More than 70 workers at Visy’s Dandenong plant voted on August 7 to maintain a peaceful picket and not return to work after an Australian Manufacturing Workers Union (AMWU) delegate was sacked on August 4 for organising “illegal industrial action”.
The workers, all members of the AMWU, had become increasingly angered by a series of provocative actions taken by Visy management in the weeks before the delegate was sacked.
One worker, who wanted to remain anonymous because he feared repercussions, said: “If delegates can be sacked through kangaroo courts and alleged misdemeanours, then it’s open slather.”
Visy, the worlds’ largest privately owned packaging and paper company, is owned by Anthony Pratt, a member of one of Australia’s wealthiest families. Visy has a history of taking a tough stance with unionised workers and has clearly decided this dispute is worth a fight.
The dispute began when workers at Visy in Dandenong were told there would be changes to their drug and alcohol policy. The workers were told changes would be introduced whether they liked it or not.
This was the culmination of a series of management demands aimed at “cultural change” within this workforce. The workers, about 40% of whom are of Albanian background, say they do not know what “culture” management wants to change.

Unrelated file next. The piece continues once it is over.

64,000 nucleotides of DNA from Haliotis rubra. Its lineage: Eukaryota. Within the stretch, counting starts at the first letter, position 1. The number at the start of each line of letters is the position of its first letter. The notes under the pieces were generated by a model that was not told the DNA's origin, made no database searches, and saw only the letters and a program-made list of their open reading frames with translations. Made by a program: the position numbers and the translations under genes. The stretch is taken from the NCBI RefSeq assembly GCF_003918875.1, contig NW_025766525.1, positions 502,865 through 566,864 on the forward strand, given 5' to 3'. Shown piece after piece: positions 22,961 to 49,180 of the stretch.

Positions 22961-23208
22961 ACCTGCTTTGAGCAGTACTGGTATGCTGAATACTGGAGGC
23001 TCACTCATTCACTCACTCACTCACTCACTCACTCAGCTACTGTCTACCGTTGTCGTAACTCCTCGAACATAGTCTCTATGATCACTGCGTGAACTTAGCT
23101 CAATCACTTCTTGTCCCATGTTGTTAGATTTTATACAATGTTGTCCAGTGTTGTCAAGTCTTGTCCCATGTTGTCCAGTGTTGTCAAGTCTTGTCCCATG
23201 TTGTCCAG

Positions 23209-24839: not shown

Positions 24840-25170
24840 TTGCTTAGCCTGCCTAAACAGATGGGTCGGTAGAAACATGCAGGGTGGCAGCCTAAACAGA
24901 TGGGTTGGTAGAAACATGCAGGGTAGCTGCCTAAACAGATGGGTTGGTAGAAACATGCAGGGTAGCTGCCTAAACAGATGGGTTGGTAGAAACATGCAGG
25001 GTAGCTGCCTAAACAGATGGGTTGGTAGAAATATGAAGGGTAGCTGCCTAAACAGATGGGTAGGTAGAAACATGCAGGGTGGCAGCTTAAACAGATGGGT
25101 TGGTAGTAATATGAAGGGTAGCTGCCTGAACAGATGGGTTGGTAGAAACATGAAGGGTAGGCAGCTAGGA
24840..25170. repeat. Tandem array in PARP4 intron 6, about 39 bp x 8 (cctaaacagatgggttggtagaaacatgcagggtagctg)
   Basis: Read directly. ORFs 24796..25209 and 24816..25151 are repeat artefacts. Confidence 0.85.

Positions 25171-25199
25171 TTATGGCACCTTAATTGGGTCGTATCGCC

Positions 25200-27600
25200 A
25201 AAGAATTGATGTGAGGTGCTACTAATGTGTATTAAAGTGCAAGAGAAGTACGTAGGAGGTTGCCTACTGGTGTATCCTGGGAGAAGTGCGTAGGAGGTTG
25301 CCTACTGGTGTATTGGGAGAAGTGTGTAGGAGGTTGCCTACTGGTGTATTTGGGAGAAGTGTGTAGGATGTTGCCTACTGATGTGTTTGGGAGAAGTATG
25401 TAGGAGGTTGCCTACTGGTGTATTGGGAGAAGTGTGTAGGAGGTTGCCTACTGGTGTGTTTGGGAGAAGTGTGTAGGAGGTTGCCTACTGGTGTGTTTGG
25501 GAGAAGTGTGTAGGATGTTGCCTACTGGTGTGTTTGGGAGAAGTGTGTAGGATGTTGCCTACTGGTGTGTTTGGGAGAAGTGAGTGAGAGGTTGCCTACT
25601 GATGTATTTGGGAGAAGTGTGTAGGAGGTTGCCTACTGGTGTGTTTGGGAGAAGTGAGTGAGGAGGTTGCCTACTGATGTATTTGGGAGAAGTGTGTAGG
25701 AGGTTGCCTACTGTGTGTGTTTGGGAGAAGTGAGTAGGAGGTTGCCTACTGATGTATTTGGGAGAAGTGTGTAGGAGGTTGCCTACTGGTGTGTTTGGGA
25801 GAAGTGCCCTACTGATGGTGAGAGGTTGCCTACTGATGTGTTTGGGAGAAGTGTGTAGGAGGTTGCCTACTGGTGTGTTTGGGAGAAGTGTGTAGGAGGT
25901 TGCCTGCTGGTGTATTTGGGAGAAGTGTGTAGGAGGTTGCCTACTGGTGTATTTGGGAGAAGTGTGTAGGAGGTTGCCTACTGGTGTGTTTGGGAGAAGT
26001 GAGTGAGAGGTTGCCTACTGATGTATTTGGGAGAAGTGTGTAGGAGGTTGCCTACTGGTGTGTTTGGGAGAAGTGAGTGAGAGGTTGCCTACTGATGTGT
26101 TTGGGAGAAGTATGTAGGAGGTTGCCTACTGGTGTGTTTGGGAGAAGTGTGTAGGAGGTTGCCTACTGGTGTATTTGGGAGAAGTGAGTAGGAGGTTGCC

However, at another plant a few weeks earlier, an area manager is alleged to have assaulted a worker and a lower level manager. While there was an investigation, the area manager was not stood down and no action was ever taken. The Dandenong workers wondered if this might be the “cultural change” — where management has all the say and workers have none.
Consequently, the workers approached the AMWU and asked if they had to do overtime. The union said it was up to them whether they worked overtime. About 90% of the workers then declined to do voluntary overtime.
Dandenong is one of Visy’s most profitable plants and had been working at full capacity. On July 26 Visy sought and won interim orders from the Fair Work Commission that directed the workers to cease all forms of industrial action, including overtime bans.
The workers complied with these orders but then two AMWU delegates were stood down for organising “illegal industrial action”.
A worker anonymously told Green Left Weekly: “We were not going to stand for this as there is a track record here of sacking delegates after they’ve been stood down. So at a mass meeting on July 31, we decided to cease work.”
About 70 workers maintain a peaceful presence outside the front gate. They told Green Left Weekly that scabs have been brought in from South Australia, NSW and Queensland, but they cannot operate the technically specific machines used in this workplace. Consequently the plant is now only producing enough material for 10 trucks each day instead of 80.
Visy has won orders to stop the strike and a Federal Court injunction against the AMWU and their officials, including the four job delegates. On August 4 the delegate was sacked and at a mass meeting the following Monday the workers voted to stay out indefinitely and maintain their peaceful picket.
This dispute is proceeding in the depths of a miserably wet and cold Melbourne winter. If you can help boost the spirits of these brave and defiant workers, please come down and show your solidarity at 119-125 Greens Rd Dandenong South.